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Dr Kirstie Ross MB, ChB, MRCEM

Acting Emergency Medicine Consultant

2020 WHAT A B*TCH!! COVID crept up, insidiously. Health staff are used to the press reporting the next medical catastrophe, whipping up fear in the absence of any demonstrable evidence. However, as much as we tried to down play it we couldn’t ignore the peer to peer warnings coming from Italy and Spain. Unimaginable images, apocalyptic like reality in intensive care units of developed countries, played out on twitter.

Long serving, experienced spirits crushed as they struggled to play God, choosing who would die...who hadn’t met the grade for a ventilator... who had been lucky enough to be the right side of 60 and to be given the chance to live.

We watched in fear, this inevitable tidal wave of impossible gut- wrenching decisions, was heading our way. As some senior staff were pulled up into strategic roles, I was promoted to Acting Emergency Medicine Consultant. I was excited to be given the opportunity to prove myself in a global pandemic. This is where we should thrive....we’re the Emergency team, this is what we do. As society was separated, the Emergency Department pulled closer together and exceeded all of the expectations we had of each other.

With the sobering realisation that this was real, we set out our stall.

  • The department was redesigned into HOT and COLD ZONES
  • Structural work completed within 5 days
  • The workforce was split into 4 distinct teams to safeguard service provision by preventing cross contamination between staff
  • PPE was argued about. Toilet role was stockpiled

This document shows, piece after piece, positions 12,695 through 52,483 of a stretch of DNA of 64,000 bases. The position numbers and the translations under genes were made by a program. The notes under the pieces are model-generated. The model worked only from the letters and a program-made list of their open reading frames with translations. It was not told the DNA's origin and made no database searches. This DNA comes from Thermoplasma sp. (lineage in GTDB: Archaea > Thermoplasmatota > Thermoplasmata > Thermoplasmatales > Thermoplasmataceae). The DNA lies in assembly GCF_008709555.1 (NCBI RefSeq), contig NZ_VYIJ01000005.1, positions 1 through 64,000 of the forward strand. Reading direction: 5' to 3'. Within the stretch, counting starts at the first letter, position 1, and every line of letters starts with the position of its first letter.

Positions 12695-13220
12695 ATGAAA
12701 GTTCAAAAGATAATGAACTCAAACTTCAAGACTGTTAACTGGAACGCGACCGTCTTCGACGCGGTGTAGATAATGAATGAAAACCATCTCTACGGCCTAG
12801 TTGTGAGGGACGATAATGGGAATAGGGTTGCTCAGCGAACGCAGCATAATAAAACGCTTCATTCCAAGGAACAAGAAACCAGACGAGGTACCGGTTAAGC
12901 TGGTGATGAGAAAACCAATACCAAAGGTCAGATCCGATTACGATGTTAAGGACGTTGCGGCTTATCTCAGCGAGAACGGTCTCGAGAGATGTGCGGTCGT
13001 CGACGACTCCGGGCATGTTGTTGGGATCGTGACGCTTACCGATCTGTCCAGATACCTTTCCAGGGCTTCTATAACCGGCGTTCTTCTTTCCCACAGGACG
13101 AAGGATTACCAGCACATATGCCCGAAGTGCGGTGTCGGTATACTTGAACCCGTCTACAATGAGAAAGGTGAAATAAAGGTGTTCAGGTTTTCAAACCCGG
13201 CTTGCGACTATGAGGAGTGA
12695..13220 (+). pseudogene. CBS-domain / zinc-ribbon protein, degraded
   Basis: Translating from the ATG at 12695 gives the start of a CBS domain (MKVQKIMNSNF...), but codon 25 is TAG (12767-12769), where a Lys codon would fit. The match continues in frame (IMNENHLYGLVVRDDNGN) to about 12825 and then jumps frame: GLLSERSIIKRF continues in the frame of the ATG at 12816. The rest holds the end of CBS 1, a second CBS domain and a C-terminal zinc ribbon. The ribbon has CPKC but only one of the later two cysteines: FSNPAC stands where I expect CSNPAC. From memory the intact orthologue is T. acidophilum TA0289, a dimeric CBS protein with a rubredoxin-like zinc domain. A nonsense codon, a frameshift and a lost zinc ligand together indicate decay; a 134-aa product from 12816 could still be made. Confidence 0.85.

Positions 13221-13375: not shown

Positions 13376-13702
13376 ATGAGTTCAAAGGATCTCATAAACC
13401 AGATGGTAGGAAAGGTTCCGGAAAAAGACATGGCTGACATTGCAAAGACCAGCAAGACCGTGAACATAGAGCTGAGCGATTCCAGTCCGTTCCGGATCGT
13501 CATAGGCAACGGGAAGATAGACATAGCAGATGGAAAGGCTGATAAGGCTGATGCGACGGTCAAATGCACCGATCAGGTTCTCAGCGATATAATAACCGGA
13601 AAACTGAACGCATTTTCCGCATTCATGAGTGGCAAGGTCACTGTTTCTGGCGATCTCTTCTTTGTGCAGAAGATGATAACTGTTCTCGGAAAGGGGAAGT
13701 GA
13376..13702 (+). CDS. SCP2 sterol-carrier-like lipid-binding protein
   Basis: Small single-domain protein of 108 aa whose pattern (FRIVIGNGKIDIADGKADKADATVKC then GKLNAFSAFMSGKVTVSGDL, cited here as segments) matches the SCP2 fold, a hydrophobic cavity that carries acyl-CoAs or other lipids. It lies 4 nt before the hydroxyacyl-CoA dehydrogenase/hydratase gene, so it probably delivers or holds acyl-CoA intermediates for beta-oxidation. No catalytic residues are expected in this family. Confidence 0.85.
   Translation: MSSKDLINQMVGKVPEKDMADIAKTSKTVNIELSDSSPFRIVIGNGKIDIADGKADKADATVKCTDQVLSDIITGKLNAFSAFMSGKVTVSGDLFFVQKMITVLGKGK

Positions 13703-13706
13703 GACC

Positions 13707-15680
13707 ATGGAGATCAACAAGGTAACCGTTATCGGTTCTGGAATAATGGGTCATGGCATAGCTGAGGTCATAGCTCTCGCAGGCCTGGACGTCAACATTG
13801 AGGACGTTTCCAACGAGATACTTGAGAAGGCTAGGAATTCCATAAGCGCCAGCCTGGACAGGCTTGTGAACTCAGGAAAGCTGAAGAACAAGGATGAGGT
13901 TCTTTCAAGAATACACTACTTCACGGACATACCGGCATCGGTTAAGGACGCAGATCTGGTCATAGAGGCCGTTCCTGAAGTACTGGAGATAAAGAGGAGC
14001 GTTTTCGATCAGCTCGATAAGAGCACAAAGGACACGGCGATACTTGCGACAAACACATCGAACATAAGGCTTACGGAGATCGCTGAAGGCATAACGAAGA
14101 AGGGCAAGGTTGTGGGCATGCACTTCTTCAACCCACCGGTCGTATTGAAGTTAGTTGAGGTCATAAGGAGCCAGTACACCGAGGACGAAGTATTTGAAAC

• Guidelines were developed and new ways of working agreed.

...and finally, we moved away from our families emotionally and physically. For those of us, lucky enough to stay in our own homes, the emotional disconnect we experienced was surprising and countered only by the camaraderie we felt, as we pulled on our scrubs and stepped through the hospital door.

Ironically, I found freedom in incarceration, camaraderie in isolation and a new thirst for the future as piece by piece our lives, as we knew it, were stripped away.

Then there was the clapping. Oh the clapping, the clapping, the clapping. If ever there was an example of how a simple act of kindness can have a colossal impact, clapping was it. Thursday 8pm Jersey General Hospital ambulance ramp, we stood together as a team.

Bathed in the flashing lights of the emergency services vehicles that stretched the length of Gloucester Street...

We were humbled and we cried together. We cried for the people who died alone. We cried because we were frightened. We cried because we were tired, and

We cried because we were grateful you understood.